When a land developer sold finished and partially finished lots to homebuilders, they did a land residual calculation to arrive at the asking price. That is, they estimated all the builder’s costs and revenues, and priced the lots so the builder could achieve a specified percentage profit margin. But one of the costs included in the analysis was 3% – again 3% – for overhead. If they didn’t include the overhead, they could have started with a higher asking price, and maybe sold the lots for a higher price.

Does your CFO take a practical view of Overhead?

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What (Not!) To Do In Troubled Times – Part 2

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Regrettably, I’ve seen my share of companies in troubled times. Some CEOs step up and take effective action, but others are less effective. Here are some unfortunately common behaviors that have led to failure. This group of behaviors falls under the category:

General Confusion

Change plans constantly, and don’t inform all of your mangers of the changes – There is always the fear that plans aren’t working, or aren’t working fast enough. Plans need to be carefully thought through and executed at all levels of the organization if they are going to succeed. A rapid succession of poorly conceived plans is worse than no plan at all.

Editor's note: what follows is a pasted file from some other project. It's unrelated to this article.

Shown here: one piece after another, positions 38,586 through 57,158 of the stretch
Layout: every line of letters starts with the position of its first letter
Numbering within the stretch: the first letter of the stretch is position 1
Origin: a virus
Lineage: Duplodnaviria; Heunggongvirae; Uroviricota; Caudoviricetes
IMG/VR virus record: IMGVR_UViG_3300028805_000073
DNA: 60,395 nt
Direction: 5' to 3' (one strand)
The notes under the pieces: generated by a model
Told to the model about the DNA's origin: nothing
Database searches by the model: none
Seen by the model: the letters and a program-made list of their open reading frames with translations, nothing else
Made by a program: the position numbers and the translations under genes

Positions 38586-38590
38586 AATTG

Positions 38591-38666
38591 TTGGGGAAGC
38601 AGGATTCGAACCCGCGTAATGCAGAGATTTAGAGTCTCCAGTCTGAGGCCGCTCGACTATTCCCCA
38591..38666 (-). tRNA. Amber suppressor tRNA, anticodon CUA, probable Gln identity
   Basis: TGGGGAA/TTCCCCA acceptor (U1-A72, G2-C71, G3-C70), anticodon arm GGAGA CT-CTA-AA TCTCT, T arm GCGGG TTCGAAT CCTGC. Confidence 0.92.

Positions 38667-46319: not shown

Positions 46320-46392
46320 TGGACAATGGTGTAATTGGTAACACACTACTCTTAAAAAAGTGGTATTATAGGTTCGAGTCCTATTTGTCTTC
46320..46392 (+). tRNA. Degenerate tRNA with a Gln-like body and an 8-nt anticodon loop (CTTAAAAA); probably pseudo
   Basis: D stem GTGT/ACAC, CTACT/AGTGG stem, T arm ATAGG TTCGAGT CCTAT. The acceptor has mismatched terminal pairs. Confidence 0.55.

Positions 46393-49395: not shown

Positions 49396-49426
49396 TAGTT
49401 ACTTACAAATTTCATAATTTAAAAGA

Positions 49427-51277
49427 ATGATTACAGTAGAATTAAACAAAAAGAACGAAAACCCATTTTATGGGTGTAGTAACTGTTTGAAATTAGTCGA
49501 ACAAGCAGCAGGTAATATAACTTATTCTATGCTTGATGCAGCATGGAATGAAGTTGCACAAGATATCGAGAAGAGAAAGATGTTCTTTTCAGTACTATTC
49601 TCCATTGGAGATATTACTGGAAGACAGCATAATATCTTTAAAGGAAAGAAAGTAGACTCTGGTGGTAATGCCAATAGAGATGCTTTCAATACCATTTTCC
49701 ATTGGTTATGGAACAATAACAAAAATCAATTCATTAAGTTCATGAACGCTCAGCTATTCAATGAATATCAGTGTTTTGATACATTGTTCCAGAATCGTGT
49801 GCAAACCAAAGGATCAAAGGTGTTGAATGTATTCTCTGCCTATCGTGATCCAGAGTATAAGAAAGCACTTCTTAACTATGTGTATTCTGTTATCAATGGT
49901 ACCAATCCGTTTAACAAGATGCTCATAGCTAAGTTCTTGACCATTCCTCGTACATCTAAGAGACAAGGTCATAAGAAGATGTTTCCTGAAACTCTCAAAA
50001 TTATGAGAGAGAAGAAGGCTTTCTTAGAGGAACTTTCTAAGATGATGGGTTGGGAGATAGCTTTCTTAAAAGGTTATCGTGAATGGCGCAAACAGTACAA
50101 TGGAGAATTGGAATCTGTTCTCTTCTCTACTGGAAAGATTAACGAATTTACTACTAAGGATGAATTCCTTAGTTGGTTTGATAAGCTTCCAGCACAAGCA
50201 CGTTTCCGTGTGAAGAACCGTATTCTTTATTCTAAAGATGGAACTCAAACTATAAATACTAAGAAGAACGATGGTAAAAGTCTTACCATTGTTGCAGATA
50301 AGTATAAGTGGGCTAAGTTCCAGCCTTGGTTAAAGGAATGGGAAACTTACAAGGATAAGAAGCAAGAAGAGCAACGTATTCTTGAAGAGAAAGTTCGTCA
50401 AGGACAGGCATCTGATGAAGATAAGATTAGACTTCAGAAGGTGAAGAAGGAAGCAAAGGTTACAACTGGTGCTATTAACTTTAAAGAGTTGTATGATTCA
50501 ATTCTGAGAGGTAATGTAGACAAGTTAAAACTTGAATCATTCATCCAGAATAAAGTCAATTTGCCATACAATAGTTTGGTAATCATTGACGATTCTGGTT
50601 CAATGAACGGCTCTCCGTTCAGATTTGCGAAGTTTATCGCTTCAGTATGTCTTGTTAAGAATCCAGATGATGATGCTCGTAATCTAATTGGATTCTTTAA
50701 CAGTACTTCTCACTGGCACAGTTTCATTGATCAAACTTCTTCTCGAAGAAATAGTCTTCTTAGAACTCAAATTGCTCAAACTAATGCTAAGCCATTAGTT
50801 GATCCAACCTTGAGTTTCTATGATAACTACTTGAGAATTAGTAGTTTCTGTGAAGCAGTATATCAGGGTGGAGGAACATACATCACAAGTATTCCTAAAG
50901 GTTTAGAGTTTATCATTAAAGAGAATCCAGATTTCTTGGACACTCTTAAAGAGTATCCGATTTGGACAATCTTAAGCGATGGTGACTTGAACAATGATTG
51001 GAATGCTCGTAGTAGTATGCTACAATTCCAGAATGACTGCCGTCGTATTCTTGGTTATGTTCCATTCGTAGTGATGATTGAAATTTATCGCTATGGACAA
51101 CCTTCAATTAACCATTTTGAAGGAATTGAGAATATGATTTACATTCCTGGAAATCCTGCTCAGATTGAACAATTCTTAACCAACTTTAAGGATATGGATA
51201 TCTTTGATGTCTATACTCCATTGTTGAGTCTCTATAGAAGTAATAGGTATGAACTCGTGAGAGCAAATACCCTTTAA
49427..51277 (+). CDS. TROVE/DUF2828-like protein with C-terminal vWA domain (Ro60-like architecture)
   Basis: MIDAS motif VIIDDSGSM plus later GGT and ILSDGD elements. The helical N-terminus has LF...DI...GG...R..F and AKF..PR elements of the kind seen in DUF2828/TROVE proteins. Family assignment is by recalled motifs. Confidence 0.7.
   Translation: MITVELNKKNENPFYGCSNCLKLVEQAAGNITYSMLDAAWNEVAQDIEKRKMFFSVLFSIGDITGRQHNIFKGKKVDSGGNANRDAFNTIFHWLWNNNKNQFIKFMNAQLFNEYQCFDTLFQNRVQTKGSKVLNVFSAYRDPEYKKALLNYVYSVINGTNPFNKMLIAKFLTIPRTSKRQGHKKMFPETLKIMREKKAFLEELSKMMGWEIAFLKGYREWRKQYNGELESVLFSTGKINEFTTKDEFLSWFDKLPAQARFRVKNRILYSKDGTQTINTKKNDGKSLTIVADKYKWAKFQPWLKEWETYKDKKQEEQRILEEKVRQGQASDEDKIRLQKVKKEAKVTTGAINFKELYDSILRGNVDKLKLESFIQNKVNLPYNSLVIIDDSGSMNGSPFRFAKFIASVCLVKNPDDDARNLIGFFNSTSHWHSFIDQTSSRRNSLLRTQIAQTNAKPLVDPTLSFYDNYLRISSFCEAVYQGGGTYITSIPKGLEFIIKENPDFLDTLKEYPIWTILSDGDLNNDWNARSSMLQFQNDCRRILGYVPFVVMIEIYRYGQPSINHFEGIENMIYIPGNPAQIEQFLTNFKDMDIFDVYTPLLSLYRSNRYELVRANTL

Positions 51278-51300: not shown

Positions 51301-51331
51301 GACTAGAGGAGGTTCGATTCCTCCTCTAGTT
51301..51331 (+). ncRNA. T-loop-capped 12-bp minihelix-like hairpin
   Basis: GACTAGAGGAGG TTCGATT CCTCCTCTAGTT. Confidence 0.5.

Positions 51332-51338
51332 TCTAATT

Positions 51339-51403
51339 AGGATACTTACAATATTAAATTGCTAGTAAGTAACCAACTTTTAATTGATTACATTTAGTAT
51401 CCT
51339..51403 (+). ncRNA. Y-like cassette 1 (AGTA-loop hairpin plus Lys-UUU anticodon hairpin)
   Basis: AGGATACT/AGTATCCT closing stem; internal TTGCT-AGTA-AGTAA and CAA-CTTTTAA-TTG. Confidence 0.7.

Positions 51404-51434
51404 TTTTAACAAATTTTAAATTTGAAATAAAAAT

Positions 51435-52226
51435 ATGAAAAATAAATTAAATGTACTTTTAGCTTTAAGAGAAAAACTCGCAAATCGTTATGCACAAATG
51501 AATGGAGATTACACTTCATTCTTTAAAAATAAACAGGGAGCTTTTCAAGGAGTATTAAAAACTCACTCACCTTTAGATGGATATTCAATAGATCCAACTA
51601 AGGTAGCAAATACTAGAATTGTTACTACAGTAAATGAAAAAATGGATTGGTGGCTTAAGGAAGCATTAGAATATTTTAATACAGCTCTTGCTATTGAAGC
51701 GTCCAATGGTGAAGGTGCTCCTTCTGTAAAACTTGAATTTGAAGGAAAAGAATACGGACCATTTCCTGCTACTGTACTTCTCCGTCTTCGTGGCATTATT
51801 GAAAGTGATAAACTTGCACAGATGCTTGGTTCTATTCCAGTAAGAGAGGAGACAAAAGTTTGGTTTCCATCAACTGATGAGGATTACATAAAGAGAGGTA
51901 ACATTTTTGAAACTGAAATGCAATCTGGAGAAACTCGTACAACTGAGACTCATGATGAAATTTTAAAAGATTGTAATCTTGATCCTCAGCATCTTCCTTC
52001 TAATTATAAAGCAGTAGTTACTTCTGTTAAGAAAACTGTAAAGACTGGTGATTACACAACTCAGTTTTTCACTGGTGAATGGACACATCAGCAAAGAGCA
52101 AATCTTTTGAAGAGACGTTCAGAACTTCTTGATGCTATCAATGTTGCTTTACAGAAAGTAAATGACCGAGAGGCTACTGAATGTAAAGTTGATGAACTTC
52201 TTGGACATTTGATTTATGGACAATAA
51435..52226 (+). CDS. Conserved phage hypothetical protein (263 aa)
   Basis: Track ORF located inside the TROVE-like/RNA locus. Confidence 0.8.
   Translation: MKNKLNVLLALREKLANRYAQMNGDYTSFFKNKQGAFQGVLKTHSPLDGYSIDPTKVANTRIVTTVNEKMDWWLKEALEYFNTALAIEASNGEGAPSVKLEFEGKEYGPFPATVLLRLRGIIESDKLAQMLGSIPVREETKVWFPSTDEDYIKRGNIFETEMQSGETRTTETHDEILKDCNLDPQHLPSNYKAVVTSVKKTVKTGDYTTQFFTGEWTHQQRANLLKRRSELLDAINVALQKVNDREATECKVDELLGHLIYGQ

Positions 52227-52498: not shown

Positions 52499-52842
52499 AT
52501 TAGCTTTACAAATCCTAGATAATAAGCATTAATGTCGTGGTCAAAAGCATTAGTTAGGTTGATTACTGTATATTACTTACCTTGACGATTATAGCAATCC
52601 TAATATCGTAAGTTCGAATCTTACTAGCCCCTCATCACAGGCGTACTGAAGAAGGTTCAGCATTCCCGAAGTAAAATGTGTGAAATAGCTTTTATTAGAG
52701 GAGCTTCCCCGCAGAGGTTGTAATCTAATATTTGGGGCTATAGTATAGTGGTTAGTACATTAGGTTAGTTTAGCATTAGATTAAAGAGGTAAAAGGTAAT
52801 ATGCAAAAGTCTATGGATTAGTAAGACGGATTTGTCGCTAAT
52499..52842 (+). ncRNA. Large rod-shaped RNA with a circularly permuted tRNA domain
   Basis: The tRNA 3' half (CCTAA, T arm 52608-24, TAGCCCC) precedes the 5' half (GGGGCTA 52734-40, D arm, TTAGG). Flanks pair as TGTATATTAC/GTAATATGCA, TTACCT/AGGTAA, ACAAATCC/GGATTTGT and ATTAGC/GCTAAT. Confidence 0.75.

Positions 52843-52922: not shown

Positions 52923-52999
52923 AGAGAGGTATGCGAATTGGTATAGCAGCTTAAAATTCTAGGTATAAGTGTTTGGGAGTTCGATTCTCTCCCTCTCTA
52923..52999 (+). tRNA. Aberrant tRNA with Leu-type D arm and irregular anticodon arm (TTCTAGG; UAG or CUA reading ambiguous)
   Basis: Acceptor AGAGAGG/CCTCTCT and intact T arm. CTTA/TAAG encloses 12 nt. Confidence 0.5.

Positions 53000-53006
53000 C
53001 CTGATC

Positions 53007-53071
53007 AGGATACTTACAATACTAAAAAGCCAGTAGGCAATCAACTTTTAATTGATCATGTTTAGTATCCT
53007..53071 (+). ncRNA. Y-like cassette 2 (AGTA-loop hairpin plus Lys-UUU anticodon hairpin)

Make radical decisions, then reverse them without explanation – Wild decisions such as cutting the price of your flagship product by 50% (it’s a fictitious example, but just barely) are not the only way to increase business. Everyone, including you, knows it’s not going to work, and abruptly changing your mind a few weeks later will only make you look more foolish.

Find reasons why managers who don’t always agree with you should be absent from meetings – It’s nice to hear from people who agree with you, but you need to hear every point of view, especially in troubled times.

Constantly reshuffle management responsibilities – Sure, you sometimes wish your managers had stronger or different capabilities. But you hired and promoted them for their expertise, experience and judgment in certain areas of the business, and they are the ones who are going to help you through the rough patches. Juggling responsibilities just causes confusion and resentment, and after a while, you’ll be the only one who knows what is going on… maybe.

Appoint capable managers to lead new initiatives, but don’t let them actually do anything – Is this really the time for bold new initiatives? Or are your senior managers more effectively used to improve the core business? Don’t waste your most valuable resources on projects that you will probably never green-light.

Think about it. Does any of this feel familiar? … Really think about it.